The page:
These outpatient services allow patients to connect with palliative care sooner in their course of treatment.
“Palliative care is an integral part of providing high-quality cancer care,” says Timothy E. Quill, M.D., director of UR Medicine’s Palliative Care Program. “By getting involved earlier with patients, we can provide better care. If patients feel better, they will do better and have better outcomes.”
By addressing pain and other symptoms, palliative care can allow patients to spend less time in the hospital and prevent emergency department visits. It can help them tolerate treatments longer, and an increasing body of research is showing that palliative care is helping people live longer.
Palliative care physicians approach physical symptoms such as pain much like any other physician would, but they have had special training and have special expertise in these areas that can supplement usual treatments offered by non-palliative care specialists and generalist physicians. What also sets palliative care clinicians apart is their focus on the patient’s goals around addressing those symptoms.
“It’s about who you are and what’s important to you foremost,” Williams says. “Just because we have the technology doesn’t mean it will fit your lifestyle and goals.”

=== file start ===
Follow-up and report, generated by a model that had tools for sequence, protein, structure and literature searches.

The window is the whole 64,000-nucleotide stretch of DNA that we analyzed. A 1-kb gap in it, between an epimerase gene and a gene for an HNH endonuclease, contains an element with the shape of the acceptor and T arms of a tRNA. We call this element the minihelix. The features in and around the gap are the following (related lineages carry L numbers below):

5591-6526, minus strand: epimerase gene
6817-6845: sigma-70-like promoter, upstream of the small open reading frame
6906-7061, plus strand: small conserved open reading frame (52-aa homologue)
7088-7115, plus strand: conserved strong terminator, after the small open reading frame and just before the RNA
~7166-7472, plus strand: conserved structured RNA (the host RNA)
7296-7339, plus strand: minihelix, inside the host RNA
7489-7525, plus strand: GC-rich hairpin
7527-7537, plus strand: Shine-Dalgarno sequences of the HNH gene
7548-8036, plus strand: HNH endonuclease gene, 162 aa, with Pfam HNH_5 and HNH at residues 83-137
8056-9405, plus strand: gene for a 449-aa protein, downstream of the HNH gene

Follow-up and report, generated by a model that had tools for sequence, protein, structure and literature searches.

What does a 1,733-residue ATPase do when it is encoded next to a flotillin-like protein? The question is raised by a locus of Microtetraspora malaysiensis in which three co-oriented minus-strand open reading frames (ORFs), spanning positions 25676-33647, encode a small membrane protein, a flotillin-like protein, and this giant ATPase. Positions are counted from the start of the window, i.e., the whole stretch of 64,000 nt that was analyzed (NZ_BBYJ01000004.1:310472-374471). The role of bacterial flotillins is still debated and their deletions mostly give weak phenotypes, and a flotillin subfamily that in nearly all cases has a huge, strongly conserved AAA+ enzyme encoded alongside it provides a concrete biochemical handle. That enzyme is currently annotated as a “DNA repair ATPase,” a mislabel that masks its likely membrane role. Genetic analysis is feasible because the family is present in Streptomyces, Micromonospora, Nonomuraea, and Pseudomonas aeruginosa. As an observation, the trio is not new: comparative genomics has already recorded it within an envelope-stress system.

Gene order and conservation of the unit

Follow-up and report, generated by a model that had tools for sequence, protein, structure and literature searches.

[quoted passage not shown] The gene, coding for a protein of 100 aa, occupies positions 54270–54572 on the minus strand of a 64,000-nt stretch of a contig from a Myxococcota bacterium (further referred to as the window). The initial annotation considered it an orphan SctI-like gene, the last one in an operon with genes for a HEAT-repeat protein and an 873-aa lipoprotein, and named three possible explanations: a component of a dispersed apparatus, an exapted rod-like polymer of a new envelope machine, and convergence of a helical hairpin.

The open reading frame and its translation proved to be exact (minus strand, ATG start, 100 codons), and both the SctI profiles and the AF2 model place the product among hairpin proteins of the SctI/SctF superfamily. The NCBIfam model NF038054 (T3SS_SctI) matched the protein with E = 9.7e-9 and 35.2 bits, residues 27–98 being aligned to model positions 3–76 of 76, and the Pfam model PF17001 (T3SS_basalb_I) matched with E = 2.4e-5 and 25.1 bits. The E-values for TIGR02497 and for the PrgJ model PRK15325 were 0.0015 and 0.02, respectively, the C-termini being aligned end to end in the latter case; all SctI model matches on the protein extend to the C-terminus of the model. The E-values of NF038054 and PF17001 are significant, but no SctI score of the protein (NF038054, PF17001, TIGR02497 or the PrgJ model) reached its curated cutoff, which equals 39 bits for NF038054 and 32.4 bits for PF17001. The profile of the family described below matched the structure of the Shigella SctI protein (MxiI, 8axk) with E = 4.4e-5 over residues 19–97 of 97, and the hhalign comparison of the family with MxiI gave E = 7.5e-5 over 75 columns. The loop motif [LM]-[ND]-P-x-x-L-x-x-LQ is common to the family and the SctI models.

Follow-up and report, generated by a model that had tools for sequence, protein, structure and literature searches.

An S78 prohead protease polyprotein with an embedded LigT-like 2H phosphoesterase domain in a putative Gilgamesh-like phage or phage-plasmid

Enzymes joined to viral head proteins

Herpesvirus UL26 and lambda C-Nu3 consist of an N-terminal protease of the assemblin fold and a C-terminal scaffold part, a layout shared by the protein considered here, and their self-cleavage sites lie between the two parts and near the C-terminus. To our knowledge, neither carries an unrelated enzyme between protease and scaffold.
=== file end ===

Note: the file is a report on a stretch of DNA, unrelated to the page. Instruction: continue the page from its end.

Grandusky’s goals, for example, were less pain and a clear mind. She was willing to accept living with some pain in order to continue activities she loves and to spend quality time with her family and friends.
In order to understand a patient’s goals, palliative care providers invest a lot of time listening. They
What is palliative care?
provide a forum where patients and families can discuss how they feel, what worries them and what they want to do next. Very often, palliative care clinicians are as much mediators, facilitators and counselors as they are physicians.
Initial appointments can last an hour, and follow-up appointments can be just as long. The discussions include a wide range of emotional, social, practical and spiritual issues that arise with a cancer diagnosis and treatment.
“We try to see what patients and families are in need of and tailor our conversation accordingly,” Quill says.
Focusing on the whole person
For Bob Walsh of Canandaigua, one of those needs was care coordination. Diagnosed in 2006 with metastatic squamous cell carcinoma of the head and neck, Walsh has undergone significant surgery, radiation and chemotherapy. Since his diagnosis, his care team has grown, and communication had become a real challenge. He was dealing with a lot of pain from his cancer and was getting discouraged. On the advice of his primary care physician, Walsh began to see Quill, who helped coordinate and communicate with the other physicians involved in his care.